The most innocuous of incidents can tip us over the edge.
It seems we can cope with difficult situations, brush off unpleasant people and stretch ourselves wafer-thin to accom-modate numerous calls on our time and energy—for a while.
Then, the smallest of things will happen and we’re suddenly overwhelmed. Yes, small things, like the oranges.
Even though it happened years ago, I still remember the helplessness I felt after ‘the orange incident.’
I was a young mum with a screaming baby and a tantrum-ming toddler, negotiating a shopping centre travelator in a desperate bid to get home quickly.
I’d suffered a dash down a few supermarket aisles to grab some groceries, trying to ignore the piercing shrieks of one while dragging around the deadweight of the other who had decided she had no intention of walking.
I’d loaded up the basket under the pusher, leaving me with no choice but to balance a few bags on top of the cloth sunshade, including one of oranges. We were almost at the top of the travelator when the oranges rolled off the top of the pusher like a bag of balls. The plastic bag split, they hit the moving floor and they bowled down the metal slope, gathering speed as they went.
I helplessly watched them go, the other shoppers on the travelator watched them go, even the tantrumming toddler watched them as they spun off their makeshift runway into the plaza below.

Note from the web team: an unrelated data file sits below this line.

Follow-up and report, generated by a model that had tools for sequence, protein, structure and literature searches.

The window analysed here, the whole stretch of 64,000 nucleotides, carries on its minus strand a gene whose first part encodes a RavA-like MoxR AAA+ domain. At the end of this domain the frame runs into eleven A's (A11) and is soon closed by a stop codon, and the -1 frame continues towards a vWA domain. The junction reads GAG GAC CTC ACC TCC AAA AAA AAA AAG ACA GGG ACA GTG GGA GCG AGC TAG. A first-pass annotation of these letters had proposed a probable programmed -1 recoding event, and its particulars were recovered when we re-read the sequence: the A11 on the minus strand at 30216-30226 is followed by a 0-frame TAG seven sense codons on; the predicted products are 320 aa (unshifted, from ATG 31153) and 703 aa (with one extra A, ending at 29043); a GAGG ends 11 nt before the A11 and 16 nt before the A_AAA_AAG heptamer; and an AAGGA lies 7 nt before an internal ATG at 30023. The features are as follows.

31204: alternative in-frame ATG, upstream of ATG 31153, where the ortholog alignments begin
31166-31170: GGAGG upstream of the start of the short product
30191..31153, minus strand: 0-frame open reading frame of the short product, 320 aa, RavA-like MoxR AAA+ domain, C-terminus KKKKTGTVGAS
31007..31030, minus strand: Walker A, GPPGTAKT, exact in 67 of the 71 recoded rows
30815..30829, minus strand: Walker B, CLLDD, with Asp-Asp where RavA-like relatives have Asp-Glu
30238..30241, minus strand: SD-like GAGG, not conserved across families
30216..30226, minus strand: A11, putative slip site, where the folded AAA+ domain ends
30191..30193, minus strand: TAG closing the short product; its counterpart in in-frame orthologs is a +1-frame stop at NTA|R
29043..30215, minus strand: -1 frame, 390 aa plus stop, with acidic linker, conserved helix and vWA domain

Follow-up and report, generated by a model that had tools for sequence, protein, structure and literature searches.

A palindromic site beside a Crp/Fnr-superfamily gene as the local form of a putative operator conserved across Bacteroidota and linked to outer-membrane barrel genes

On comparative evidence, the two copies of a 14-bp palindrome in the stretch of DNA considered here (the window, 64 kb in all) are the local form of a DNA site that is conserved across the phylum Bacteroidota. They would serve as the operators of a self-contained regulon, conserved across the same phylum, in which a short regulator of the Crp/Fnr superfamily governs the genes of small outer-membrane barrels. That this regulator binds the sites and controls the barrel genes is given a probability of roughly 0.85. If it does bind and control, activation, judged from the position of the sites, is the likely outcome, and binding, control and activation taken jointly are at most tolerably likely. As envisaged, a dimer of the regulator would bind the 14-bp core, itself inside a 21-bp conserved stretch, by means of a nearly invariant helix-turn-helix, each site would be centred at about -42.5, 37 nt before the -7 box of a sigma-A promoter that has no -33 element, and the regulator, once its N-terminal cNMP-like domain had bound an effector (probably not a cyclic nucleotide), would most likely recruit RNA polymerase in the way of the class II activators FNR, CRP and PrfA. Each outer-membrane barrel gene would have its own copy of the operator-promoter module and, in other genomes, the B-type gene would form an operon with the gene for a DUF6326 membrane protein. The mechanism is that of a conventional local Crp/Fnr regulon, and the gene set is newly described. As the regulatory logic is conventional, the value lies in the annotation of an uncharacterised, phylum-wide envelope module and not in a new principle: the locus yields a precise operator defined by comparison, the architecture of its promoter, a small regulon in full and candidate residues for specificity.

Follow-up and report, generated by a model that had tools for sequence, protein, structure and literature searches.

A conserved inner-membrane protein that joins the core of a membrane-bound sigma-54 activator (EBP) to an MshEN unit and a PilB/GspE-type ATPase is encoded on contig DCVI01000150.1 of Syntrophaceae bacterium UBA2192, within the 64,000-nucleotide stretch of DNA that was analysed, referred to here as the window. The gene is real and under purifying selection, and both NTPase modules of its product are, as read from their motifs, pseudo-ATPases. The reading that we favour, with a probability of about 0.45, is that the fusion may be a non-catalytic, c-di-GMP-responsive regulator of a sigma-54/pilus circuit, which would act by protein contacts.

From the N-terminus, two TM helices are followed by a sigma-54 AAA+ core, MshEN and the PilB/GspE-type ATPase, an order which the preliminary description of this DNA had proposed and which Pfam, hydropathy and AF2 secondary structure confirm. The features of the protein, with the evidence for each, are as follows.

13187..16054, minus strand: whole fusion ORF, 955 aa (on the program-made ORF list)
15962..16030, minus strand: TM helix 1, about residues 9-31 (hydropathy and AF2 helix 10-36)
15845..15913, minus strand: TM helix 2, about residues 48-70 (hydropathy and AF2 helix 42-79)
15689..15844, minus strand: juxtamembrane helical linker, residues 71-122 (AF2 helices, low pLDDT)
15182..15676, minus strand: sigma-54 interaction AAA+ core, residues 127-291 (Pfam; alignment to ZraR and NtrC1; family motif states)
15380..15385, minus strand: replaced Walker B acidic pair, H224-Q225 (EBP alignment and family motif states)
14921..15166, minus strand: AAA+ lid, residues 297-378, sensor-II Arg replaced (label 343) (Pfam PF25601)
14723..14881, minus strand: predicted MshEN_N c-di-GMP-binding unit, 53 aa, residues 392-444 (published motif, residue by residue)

That was my moment of feeling overwhelmed. I’d already endured an hour of feeling helpless—I couldn’t stop the baby screaming, I couldn’t stop the toddler’s frustrating behaviour, and now I couldn’t stop the oranges rolling down the travelator. I’d had enough. I was spent physically and emotionally.
Tears pricked my eyes as I watched the last of the oranges come to a stop at the feet of a bemused woman. We reached the top of the travelator and, as I shoved the pusher and toddler off, a fellow shopper handed me one of the runaway oranges he’d managed to stop on its way down.
“Are you going to go and get the rest?” he asked.
Was he serious? Drag those kids and the pusher down another level to chase around a few bits of fruit? I took the orange from him and went home.
Sometimes our reasons for feeling overwhelmed, when put in perspective, can seem a little trivial. A few oranges freestyling around the shopping centre and a couple of screaming kids are hardly worth crying about—unless there’s exhaustion underpinning the incident.
We all have ‘orange incidents’ that cause us passing angst, but we also all go through times that are hard, tragic and life-changing; times that challenge our health, strength and faith, leaving us depleted emotionally, physically and spiritually.
Jesus, who faced betrayal and the cross, was no stranger to the hardest of times. He offers us deep comfort with his words in Matthew chapter 11, verses 28–30, “Come to me, all you who are weary and burdened, and I will give you rest.”